A total of 14 signed up for the VSP by the May 25 deadline. Phase two arrived on or about June 9, when 20 employees were let go, 19 of them layoffs of AFSCME members who nevertheless would remain on the payroll until December 31 due to a guarantee made previously by the city.

The city restructured its debt in the fall to free up $1.1 million to pay for the RIF.

Obtaining Additional Information

The city reimbursed the Illinois Department of Employment Security (IDES) for unemployment compensation paid in the 3rd and 4th quarters of 2010.

IDES’ ruling in favor of claims for unemployment compensation was definitely a surprise for DeKalb. An August 20 letter from the city’s human resources director to the laid-off AFSCME workers stated, “…you are able to apply for unemployment at any time; you do NOT have to wait until January 1, 2011 as we had previously advised you.”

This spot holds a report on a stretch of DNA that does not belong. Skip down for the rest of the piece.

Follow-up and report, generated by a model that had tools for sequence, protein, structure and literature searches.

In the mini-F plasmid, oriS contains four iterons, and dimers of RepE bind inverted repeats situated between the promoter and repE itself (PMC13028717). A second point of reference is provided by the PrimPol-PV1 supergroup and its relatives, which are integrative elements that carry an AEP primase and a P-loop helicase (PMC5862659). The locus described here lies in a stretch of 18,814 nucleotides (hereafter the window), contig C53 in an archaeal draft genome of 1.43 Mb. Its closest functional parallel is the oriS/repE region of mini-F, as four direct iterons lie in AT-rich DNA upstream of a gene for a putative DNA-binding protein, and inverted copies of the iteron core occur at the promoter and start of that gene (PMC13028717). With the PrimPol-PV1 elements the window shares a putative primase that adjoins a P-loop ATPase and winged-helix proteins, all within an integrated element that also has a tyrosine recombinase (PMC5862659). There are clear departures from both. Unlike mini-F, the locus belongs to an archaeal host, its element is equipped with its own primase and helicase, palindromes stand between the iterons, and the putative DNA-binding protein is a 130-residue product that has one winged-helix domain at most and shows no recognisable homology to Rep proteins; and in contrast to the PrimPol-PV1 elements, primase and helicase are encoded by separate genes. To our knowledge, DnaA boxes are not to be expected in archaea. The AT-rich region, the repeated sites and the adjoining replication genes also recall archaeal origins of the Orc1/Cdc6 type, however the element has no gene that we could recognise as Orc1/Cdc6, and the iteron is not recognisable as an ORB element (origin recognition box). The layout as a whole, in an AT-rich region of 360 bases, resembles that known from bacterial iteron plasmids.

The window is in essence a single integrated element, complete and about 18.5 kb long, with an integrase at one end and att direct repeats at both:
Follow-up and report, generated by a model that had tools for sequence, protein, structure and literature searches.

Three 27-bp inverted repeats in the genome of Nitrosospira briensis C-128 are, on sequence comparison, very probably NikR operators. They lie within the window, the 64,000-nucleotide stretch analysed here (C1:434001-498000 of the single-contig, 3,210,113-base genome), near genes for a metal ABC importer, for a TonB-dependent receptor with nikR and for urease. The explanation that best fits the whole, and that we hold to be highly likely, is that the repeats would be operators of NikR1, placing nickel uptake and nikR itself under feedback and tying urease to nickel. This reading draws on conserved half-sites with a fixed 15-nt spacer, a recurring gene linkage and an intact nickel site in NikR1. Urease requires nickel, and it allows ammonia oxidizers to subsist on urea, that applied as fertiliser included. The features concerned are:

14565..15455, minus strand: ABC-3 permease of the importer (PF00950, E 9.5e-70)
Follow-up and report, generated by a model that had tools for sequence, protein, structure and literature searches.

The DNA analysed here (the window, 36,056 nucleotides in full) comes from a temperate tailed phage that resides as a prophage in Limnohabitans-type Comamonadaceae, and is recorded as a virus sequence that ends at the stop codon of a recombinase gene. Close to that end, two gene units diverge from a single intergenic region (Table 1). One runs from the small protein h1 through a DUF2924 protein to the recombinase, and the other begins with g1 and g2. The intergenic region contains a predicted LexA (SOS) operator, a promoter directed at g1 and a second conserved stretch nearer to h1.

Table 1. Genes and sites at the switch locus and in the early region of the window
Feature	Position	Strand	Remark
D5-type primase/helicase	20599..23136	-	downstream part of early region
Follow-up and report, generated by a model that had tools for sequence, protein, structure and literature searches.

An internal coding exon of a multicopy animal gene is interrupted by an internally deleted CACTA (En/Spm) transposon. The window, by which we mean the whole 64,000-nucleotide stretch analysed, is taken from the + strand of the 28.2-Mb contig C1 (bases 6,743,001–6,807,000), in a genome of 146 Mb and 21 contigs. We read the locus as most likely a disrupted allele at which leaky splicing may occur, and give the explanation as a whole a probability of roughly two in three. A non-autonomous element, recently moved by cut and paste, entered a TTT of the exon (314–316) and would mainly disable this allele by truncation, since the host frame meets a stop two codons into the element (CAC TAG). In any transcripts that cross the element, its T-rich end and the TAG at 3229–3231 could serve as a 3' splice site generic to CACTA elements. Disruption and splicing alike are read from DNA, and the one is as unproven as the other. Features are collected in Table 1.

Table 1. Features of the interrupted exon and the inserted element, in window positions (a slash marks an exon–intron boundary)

This meant up to 19 laid-off AFSCME workers were eligible for unemployment compensation paid concurrently with regular compensation. Ironically, they were eligible because they were not reporting for work.

Assuming none of the affected employees would have found new jobs between July 1, 2010 and January 1, 2011, it made not one whit of difference to the budget whether the laid-off employees received unemployment benefits during the latter half of 2010 or the first half of 2011. However, it was an actual mistake.